The story circulates around migration’s causes, circumstances and characters – nameless heroes who were forced to abandon their homes. Authors are asking the questions: what can cause a person to let go of one’s current life and set out for another country? Why do they strive for the places, where there is no family and friends, where everything is nameless, unknown and the future is questionable? The stories, implemented into the dramaturgy of the play, unravel a search for a safe haven in the cruel world. In this world it’s frequently imperative to sacrifice all the possessions and the past, to win a chance at a future for oneself and one’s family. These stories touch the topic of solitude, foreignness and confusion of a person convicted to a new, forced reality – which at the same time is a refuge from doom.
The performance takes the form of a journey that the spectator embarks on along with the characters. Consecutive stories of the migrants are born into the world, unlocked from suitcases, told without words, to the accompaniment of the sounds and music, created live using instruments and everyday objects. This visual and physical theatre operates with a richness of sounds and images, influencing the imagination of the spectator and encouraging an autonomous interpretation of the performance, where everything is fluent, literally and figuratively – in constant movement. The spectator, boarding the ship – which is the core of the scenography – accompanies the characters in the venture to the place of their possible new home. This long and dangerous road is the only way to remedy the problems that afflicted them in their homeland. Nobody can be sure of the journey’s end.
Is it possible for them to feel the smell of the land? Receive help? Confront with the outland culture and language? Holding the travel ticket, spectators will decide about the course of the story and the chapters it will unfold.
Alek Janicki’s audio-visual performance entitled BlackSatori binds picture and sound, allowing the audience to reach spheres inaccessible to intellectual speculation. It is an attempt at getting an insight into a meta-reality beyond a specific time, place and a paradox, which is a clue for interpretation, is hidden in the title of the piece itself.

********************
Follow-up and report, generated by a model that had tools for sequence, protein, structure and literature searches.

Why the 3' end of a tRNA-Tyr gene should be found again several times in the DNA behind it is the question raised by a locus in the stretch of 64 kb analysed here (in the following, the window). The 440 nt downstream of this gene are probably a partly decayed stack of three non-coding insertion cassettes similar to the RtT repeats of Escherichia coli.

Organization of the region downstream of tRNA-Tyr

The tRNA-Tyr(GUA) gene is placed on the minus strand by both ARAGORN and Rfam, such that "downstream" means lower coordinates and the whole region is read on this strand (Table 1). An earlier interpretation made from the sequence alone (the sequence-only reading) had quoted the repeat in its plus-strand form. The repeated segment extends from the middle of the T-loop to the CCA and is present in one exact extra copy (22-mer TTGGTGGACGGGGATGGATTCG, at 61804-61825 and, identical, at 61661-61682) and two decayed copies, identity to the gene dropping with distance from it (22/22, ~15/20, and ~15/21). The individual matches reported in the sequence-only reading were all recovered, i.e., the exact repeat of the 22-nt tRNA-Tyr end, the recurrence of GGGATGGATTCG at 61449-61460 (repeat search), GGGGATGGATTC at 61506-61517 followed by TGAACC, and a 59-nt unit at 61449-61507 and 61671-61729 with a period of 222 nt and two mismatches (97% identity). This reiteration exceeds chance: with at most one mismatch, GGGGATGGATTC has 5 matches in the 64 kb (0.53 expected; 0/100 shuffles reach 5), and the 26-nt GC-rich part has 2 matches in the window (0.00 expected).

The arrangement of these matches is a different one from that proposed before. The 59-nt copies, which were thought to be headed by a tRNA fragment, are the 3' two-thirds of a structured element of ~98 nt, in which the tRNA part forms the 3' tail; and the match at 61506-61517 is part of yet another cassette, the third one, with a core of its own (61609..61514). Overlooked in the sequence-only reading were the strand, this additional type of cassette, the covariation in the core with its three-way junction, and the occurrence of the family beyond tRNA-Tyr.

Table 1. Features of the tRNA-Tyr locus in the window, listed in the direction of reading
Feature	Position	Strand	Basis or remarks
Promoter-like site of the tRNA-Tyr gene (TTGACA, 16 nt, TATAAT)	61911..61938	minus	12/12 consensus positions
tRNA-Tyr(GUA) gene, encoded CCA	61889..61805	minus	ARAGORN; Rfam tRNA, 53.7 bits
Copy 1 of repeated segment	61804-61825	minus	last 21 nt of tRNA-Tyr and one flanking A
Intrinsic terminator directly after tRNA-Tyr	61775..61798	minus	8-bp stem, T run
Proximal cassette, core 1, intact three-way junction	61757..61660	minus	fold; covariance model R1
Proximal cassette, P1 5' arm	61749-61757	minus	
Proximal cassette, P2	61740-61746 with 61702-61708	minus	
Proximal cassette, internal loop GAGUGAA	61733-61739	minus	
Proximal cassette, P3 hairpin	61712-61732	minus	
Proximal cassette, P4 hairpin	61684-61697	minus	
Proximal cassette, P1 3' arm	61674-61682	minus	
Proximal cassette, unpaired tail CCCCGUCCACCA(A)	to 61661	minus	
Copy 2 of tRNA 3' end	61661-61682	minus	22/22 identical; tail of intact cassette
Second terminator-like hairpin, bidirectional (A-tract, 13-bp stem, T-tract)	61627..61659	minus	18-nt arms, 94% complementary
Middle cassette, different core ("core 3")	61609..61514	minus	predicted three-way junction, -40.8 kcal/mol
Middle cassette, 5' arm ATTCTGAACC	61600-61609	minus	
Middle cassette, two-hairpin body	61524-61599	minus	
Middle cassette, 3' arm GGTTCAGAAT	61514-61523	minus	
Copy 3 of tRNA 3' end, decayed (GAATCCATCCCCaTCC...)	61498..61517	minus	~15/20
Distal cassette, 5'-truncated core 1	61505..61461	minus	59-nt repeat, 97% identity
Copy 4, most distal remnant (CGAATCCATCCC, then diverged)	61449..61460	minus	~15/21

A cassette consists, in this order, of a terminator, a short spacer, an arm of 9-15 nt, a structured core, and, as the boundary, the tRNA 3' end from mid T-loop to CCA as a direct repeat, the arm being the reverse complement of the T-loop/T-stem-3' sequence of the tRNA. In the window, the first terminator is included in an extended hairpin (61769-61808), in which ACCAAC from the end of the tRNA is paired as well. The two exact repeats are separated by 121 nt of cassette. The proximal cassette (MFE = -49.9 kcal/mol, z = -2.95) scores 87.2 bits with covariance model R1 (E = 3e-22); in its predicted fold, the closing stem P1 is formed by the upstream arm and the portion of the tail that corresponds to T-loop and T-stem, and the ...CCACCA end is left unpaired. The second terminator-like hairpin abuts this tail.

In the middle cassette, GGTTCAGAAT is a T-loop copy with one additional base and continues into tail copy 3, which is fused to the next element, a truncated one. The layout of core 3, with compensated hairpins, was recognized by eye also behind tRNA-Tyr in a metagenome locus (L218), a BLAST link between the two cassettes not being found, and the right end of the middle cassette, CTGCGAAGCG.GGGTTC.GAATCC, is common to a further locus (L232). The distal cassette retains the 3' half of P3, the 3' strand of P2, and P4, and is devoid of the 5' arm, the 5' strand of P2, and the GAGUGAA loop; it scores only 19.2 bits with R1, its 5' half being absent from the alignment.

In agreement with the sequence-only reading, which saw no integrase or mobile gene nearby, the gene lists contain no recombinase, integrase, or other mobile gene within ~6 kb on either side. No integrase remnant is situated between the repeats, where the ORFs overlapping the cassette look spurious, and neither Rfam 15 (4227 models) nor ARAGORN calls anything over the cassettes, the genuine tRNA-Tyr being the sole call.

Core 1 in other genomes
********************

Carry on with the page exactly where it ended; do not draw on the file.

BlackSatori – black enlightenment? It bears reference to the koans in the tradition of Zen, a method that triggers some practices aiming at reaching a path to enlightenment. Iconosphere and phonosphere constitute here a consolidated eco-system of a quasi-meditational spectacle. The piece, based on paradoxical, coincidental associations and subconsciously received impressions generated with a Big DADA Generator (images) and an EEG brain wave scanner (sound), strives at maximal simplicity and clarity of form, regardless of its complex instrumentarium.
Both in its audial and visual layers the piece is created in real time, ”here and now”, as an outcome of actions taken by the performer with the use of algorithms. The camera with which he produces a constantly changing inventory of images generates evolving pictures in which the performer and his audience are immersed. All elements of theatre space, including the performer and his viewers, turn into a screen.
”Serena – a Treatise on Vowels”
Is a theatrical installation inspired by ”The Little Mermaid” by H.C. Andersen, is a tale about crossing the borders of existence. Love intermingles here with the feeling of emptiness. Characters are put in extreme situations with no options of a simple choices. The title Mermaid (half woman and half fish) decides to totally deconstruct her world. She exceeds all boundaries of existence. Being aware of the possible consequences, both she and the Prince decide to yield to ultimate love. The performance is a sort of struggle between life and death, between being and not being, becoming thus an elegy on non-fulfilment.
David fell in love with Kraków 24 years ago, making it his home in 2011.
In 2020 he was awarded the title of Kraków’s Ambassador of Multiculturalism, by the President of Kraków, and is also a member of the GlobalScot network, representing Scottish culture and business abroad.